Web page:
A cost-effectiveness plane, sensitivity analyses results and population-level results are included in online supplemental appendix 7. Sensitivity analyses results showed the policy remains dominant in all analyses. The population-level results indicate combined potential cost savings of more than £200 million to NHS Scotland and on personal nicotine spend over a lifetime, and around 8000 additional QALYs for the total cohort of operational staff and PiC. The share of possible cost savings that relate to NHS Scotland only is around £6 million.
Our data show that the policy is cost-effective in both the short term and long term. Results from the cost-consequence analysis, assessing changes in costs and outcomes over the three phases, showed that while most cost categories decreased, there was no consistent direction of change in outcomes after implementation. The cost-effectiveness analysis, assessing the trade-off of costs against changes in SHS levels in the presence versus absence of the policy, demonstrated cost savings and significant reductions in SHS for PiC and staff. Results from the cost-utility analysis (short term) assessing the trade-off of costs against QALYs in the presence versus absence of the policy demonstrated cost savings and QALY gains for staff, suggesting that the smoke-free policy is optimal for this population. However, the results were less clear for PiC; the cost savings were associated with a reduction in QALYs. Finally, the scenario analysis exploring the potential long-term impact of the policy over a lifetime demonstrated cost-effectiveness for both PiC and staff.
While most cost categories decreased in the short term, some increased; ambulance use, nicotine dependence medication, GP/nurse visits for PiC, PiC e-cigarettes and staff tobacco. In interpreting these results we would expect increases in nicotine dependence medication in preparation for and once the policy was implemented, and PiC e-cigarette costs once tobacco was no longer available on the canteen list. However, it is less clear why the other costs increased. A notable decrease in costs was in smoking-related illness medication, suggesting an association with decreased demand following implementation of the policy. Cost categories driving the decrease in total costs after policy implementation were inpatient stays, smoking-related illness medication and tobacco spend. Key cost categories which increased were mental health stays and e-cigarettes. In interpreting changes in outcomes, decreases in SHS levels and fires were expected with no licit access to tobacco or lighters, but the decrease in PiC health utilities is less easy to interpret. Of the five domains included in the EQ-5D-5L, anxiety/depression showed the biggest decrease for PiC. However, as we do not have identifiable EQ-5D-5L data that can be linked to individuals across phases26 (due to the transient nature of the population), the reason behind the decrease in this domain is unclear. Several increasing outcomes (eg, assaults and drug use) included in the analysis are known to be caused by multiple, fluctuating factors, making interpretation of the impact of the policy challenging.32 33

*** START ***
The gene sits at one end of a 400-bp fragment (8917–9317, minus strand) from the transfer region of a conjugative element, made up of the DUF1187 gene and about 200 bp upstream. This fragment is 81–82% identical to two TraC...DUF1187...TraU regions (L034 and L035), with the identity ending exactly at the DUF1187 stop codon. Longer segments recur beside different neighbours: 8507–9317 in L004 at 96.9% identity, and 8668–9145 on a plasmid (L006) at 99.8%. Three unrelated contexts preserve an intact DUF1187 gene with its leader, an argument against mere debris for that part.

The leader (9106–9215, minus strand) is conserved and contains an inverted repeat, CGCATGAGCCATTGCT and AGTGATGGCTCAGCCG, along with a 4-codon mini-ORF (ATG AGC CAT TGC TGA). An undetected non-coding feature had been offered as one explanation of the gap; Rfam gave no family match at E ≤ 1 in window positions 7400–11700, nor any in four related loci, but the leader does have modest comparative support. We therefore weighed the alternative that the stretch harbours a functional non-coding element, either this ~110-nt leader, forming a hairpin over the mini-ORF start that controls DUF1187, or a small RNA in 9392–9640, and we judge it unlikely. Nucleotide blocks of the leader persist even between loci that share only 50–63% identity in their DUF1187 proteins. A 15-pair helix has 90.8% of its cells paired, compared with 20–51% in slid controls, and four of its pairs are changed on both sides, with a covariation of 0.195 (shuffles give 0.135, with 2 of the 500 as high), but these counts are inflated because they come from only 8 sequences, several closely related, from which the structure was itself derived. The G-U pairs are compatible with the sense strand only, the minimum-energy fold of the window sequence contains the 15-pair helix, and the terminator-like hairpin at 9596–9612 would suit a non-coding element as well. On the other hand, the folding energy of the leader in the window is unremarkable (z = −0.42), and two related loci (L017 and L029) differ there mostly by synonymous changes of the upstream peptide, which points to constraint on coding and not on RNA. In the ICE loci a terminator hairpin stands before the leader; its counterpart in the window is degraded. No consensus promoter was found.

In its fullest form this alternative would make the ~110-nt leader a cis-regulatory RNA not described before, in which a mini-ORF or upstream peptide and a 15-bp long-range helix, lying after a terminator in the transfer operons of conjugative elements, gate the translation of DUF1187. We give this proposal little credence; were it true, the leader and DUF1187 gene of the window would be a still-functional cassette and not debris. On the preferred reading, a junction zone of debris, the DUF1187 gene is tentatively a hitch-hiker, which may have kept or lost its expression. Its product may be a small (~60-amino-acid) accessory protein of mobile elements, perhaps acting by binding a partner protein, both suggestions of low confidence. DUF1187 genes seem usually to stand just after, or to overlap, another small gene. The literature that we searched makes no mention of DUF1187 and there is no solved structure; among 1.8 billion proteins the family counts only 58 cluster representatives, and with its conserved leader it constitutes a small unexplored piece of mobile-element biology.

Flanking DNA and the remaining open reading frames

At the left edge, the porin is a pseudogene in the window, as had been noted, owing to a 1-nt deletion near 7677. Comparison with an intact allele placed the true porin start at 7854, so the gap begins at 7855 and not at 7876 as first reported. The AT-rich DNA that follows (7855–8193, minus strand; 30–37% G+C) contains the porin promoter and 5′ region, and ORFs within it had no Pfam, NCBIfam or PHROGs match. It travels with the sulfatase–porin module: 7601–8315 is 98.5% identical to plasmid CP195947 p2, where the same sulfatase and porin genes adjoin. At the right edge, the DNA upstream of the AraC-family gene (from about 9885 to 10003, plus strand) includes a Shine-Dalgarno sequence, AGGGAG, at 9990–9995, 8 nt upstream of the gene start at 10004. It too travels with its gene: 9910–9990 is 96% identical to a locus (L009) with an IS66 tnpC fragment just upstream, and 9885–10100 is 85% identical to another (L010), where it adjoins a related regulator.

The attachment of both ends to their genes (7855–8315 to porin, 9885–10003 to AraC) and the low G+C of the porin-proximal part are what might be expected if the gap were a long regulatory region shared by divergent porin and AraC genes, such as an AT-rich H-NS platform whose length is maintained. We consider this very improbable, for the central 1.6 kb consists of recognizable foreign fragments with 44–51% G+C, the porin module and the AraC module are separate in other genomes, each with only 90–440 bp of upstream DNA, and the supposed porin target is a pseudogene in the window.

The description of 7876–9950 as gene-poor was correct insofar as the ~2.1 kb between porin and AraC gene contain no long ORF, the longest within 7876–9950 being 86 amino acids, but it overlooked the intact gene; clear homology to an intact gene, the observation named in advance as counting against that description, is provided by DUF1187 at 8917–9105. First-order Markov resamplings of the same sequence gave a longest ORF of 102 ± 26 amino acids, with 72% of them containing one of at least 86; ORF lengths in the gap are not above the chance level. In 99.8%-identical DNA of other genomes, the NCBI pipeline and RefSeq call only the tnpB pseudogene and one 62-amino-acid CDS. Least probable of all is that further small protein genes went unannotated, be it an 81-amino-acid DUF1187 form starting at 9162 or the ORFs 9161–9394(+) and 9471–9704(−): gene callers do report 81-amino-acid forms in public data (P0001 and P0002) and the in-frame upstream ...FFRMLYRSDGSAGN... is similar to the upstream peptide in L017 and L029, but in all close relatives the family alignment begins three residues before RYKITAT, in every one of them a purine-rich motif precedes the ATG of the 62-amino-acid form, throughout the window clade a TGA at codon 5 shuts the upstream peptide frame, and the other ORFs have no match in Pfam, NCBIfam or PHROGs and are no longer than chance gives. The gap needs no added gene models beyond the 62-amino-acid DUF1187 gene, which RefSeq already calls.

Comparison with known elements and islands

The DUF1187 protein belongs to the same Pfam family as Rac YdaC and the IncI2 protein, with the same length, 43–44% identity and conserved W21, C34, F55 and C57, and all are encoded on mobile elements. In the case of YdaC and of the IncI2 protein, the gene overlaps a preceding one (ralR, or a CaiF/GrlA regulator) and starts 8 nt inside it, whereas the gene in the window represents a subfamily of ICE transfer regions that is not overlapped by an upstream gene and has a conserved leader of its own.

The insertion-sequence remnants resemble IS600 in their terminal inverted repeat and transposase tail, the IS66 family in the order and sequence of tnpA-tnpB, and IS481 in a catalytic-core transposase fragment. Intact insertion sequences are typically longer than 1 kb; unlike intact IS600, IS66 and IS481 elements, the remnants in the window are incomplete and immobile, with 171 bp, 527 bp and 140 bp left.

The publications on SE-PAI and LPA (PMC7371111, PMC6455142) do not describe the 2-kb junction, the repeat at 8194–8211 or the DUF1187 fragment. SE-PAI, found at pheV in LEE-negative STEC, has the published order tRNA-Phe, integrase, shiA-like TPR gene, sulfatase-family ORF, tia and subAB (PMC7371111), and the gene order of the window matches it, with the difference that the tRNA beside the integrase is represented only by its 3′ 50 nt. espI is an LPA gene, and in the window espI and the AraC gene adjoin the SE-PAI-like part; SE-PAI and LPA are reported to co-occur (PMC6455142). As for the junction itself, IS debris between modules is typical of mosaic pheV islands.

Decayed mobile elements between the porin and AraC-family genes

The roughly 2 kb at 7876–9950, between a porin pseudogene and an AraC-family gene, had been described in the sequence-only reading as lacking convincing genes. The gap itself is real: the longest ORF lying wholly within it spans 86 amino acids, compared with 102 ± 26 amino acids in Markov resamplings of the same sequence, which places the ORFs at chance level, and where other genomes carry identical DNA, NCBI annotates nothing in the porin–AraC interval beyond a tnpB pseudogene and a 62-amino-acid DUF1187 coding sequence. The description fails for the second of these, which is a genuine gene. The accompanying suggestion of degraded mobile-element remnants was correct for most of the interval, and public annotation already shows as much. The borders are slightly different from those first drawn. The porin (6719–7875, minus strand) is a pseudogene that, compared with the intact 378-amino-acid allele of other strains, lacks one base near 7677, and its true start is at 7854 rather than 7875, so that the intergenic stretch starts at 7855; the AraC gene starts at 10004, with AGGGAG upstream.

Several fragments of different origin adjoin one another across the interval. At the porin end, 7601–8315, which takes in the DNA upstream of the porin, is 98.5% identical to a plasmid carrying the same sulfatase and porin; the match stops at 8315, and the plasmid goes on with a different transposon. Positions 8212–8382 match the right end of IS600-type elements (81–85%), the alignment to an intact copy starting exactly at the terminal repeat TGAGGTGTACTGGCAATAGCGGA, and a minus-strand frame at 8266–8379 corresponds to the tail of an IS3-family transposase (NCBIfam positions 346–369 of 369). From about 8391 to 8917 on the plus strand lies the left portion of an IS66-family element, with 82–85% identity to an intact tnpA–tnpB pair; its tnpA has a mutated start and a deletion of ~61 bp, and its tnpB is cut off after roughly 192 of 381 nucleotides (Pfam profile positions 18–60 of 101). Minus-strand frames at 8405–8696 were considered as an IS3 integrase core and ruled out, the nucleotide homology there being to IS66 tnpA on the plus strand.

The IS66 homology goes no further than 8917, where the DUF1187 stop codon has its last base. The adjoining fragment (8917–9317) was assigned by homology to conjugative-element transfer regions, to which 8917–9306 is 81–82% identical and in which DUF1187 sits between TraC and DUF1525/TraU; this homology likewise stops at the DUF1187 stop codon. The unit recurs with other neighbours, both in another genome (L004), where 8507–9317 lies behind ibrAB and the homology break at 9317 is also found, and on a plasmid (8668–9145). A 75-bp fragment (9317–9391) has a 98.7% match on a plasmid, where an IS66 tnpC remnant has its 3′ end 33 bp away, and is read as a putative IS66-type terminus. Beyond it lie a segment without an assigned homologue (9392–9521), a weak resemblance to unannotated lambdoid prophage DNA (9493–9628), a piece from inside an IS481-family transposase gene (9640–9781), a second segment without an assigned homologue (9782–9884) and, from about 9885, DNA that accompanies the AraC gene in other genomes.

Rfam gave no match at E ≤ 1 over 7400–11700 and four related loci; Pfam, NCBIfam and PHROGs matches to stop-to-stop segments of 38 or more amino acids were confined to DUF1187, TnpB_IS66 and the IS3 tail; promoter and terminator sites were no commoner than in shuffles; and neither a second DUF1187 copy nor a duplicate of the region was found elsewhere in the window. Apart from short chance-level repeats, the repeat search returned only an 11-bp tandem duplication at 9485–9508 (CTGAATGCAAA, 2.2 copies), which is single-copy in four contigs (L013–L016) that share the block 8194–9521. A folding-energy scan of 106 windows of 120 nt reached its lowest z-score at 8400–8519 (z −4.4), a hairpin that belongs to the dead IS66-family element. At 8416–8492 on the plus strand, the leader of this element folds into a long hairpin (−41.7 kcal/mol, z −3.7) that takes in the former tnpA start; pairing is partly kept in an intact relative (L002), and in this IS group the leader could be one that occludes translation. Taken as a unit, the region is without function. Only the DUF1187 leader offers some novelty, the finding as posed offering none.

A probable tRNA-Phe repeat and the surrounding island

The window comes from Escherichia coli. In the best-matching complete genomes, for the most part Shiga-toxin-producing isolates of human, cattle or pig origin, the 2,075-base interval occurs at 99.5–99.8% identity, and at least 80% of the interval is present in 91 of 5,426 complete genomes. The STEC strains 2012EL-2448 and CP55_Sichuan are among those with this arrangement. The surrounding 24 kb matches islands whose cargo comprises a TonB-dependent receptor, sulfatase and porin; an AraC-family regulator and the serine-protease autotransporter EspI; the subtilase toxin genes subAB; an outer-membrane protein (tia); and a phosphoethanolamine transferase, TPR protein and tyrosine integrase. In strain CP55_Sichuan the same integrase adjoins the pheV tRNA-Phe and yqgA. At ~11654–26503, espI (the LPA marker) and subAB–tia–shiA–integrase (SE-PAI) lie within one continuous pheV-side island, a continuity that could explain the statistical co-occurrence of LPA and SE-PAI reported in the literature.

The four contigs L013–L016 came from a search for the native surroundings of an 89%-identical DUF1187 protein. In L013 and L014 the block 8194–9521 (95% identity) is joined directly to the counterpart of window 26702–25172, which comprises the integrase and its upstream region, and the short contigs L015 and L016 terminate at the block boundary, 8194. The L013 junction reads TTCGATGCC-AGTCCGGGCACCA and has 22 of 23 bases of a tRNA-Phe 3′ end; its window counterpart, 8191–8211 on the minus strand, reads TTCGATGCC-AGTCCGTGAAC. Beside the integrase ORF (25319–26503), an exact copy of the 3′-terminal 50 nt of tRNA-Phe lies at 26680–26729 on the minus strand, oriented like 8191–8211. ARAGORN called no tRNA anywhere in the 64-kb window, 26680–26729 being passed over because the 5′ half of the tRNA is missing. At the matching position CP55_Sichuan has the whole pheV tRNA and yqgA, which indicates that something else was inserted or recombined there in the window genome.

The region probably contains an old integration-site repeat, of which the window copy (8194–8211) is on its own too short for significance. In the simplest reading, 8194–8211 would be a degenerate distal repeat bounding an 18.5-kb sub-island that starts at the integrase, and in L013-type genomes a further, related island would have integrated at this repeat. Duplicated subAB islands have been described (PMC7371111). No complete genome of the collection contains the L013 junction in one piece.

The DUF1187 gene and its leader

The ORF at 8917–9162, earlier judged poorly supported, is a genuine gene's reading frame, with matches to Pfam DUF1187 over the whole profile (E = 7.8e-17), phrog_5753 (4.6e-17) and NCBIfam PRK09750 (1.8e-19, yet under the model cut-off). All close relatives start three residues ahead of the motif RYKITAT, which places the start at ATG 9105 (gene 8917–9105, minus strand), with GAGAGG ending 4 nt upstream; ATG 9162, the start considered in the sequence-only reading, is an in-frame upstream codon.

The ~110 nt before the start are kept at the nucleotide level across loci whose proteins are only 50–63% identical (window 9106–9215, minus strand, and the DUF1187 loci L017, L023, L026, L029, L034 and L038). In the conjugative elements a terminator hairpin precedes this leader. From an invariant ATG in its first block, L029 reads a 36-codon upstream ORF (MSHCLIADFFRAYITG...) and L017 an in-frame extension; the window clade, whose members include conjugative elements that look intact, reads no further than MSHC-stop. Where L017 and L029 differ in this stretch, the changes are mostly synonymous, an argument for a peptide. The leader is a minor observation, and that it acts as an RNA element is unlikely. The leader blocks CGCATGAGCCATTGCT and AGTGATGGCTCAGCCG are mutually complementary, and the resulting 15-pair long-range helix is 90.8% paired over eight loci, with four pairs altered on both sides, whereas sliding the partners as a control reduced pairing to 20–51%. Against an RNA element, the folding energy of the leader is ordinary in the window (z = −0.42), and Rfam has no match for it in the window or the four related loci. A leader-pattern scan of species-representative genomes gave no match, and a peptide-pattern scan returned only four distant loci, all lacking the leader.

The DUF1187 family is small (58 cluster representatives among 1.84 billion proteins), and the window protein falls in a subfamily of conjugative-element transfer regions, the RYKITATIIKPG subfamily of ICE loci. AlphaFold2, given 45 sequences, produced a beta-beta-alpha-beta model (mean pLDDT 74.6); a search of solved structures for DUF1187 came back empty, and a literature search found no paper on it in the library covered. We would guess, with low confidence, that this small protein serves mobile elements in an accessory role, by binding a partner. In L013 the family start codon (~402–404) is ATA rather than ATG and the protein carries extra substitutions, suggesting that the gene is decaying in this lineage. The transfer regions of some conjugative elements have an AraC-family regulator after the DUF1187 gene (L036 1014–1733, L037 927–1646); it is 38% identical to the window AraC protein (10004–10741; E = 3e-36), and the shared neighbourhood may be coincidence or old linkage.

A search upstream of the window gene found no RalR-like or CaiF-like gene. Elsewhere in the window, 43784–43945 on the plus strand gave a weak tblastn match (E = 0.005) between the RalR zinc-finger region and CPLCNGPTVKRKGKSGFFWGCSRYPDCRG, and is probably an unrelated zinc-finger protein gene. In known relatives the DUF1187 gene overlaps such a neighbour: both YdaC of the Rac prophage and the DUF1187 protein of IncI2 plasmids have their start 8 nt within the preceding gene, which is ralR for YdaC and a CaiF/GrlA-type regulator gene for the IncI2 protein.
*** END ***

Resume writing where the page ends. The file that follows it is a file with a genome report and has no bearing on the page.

Further interpretation of the lifetime sensitivity analyses results demonstrated that the extent to which people resume smoking on release from prison and the cost of tobacco outside prison, were the key drivers of the model results. The population-level extrapolation estimated lifetime cost savings of around £200 million for healthcare and personal nicotine spend among PiC and staff. While we were unable to include full intervention costs, this figure illustrates a substantial cost saving, even if additional intervention costs were incorporated.
This is the first economic evaluation to assess the impacts of implementing a smoke-free policy across an entire national prison service. Research in the prison setting is challenging and often relies on multiple sources of data; we were able to conduct this economic evaluation by incorporating a range of costs and outcome measures. This enabled a comprehensive assessment of the impacts on multiple sectors with an understanding of how and to what extent outcomes changed over time. Furthermore, data from SPS added validity to our findings. While the cost-utility framework is helpful, it is often not sufficient in evaluating public health interventions where not all relevant outcomes are captured by the QALY. By including a cost-consequence analysis we were able to incorporate additional outcomes to show wider impacts of the policy.34
Despite being able to amass data on a wide range of pertinent costs and outcomes and to assess benefits and unintended adverse consequences, uncertainty remains relating to routine data identification. As there are no validated methods of identifying healthcare use data for PiC from NHS NSS sources and due to time and other constraints, operationalising individual-level linkage was not possible in this large and transient population. Pragmatic methods of identification were used with input from colleagues from NHS NSS19 and this may have affected the precision of the result estimates. Furthermore, data were obtained from several sources in various formats, requiring different methods of analysis, adding to the complexity of the analysis.